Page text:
Best Practice for Campus Safety
Keeping students, faculty, and staff safe wherever they are on campus is a priority. However, the Safety and Security Department at the University of St. Francis in Joliet, Illinois was coping with an aging, unreliable two-way communications system, making their jobs more challenging. With their new MOTOTRBO digital two-way portable radios, Safety and Security can now communicate throughout the campus – even throughout the underground service tunnels and all the way out to the new downtown satellite campus located a mile away.
Founded in 1920, the University of St. Francis (USF) in Joliet, Illinois is a private, nonproﬁt university located on three square blocks of a residential neighborhood. The school’s 2,000 students and 93 full-time faculty split their time between the Twin Oaks campus about four miles away and a new satellite campus for the Arts & Design program, located in the historic Rialto Theater building about a mile away in downtown Joliet.
Like many small universities, the USF Safety and Security Department had not always been a major presence, but September 11, 2001 changed that. Today, the security force is comprised of 15 ofﬁcers led by Director Tom Uraski, who holds security drills to keep his team sharp and ready to respond. According to President Michael Vinciguerra, “Our Safety and Security Department regularly undergoes training, including updates for best practices for campus safety.”
However, in spite of the university’s efforts to maintain top-notch campus security processes, its aging two-way analog radio system was hindering those best practices.
The Solution – MOTOTRBO Digital Portable Radios
Uraski contacted Dennis Burda at Miner Electronics, a local Motorola channel partner, to discuss the situation and develop a proposal. After learning about the situation, Burda recommended MOTOTRBO digital portable radios.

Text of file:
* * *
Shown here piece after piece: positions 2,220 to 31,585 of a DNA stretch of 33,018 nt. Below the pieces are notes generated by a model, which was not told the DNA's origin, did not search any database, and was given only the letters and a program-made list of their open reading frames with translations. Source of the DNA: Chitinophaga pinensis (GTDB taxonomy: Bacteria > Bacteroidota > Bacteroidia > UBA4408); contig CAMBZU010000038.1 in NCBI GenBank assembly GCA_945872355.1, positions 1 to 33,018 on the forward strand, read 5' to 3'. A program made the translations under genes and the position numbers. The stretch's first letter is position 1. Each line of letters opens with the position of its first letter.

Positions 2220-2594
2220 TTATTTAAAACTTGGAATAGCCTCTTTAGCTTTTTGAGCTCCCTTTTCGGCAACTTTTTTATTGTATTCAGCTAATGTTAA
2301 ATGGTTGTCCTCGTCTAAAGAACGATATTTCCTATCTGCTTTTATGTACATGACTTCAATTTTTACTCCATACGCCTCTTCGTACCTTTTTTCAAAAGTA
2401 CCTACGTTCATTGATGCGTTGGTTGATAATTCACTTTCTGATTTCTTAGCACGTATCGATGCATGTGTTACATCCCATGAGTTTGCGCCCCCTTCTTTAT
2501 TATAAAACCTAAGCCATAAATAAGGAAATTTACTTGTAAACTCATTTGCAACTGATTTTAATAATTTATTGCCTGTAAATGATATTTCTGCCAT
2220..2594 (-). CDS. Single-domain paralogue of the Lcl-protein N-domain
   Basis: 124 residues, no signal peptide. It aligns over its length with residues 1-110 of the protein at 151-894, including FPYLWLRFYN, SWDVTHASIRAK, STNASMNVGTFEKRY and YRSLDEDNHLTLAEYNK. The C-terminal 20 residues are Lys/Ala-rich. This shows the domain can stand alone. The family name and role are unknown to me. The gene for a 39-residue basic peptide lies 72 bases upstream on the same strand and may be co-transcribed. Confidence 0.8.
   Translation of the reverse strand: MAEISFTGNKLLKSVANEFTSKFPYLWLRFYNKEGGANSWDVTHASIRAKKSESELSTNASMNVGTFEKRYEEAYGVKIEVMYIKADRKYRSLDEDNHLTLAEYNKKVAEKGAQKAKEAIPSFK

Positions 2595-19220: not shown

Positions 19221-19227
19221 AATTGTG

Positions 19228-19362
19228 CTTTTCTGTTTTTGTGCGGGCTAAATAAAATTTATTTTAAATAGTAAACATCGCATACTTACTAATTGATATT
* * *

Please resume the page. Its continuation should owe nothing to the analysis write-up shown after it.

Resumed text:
The MOTOTRBO radios would provide reliable coverage between the university’s main and downtown campus, ensure more crisp audio throughout the coverage area and help eliminate dead spots within the campus buildings and the underground service tunnels. The enhanced call management capability of MOTOTRBO would enable the Safety and Security team to talk privately one-to-one or facilitate a group call for real-time emergency alert notiﬁcation to the entire team. Text messaging would also allow discrete messages to be exchanged either through pre-programmed emergency notiﬁcations or short, free-form messages. And thanks to the radios’ digital technology, the static, noise, and interference of the old analog radios would be a thing of the past.
Last but not least, the radios would help the university facilitate a smooth and cost-effective transition to digital communications. MOTOTRBO radios are dual-mode, which means that a simple switch allows them to easily toggle back and forth between analog and digital. The dual-band capability of the MOTOTRBO radios would allow the university to purchase MOTOTRBO radios for the Safety and Security Department ﬁrst and then convert maintenance and other campus employees, who still use the analog radios, to digital technology as budget became available.
The Motorola channel partner gave Uraski’s team a set of demo radios to test effectiveness. “The ﬁrst time we tried them, the clarity of the MOTOTRBOs blew me away,” Uraski says. “I’ve never heard twoway radios sound this good before.”
The channel partner mounted a repeater on top of the tallest building on the main campus and one on top of the Rialto building downtown. This has not only enabled the Safety and Security Department to easily communicate between the two campuses, but also gives a clear signal down into the service tunnels that run underneath the buildings.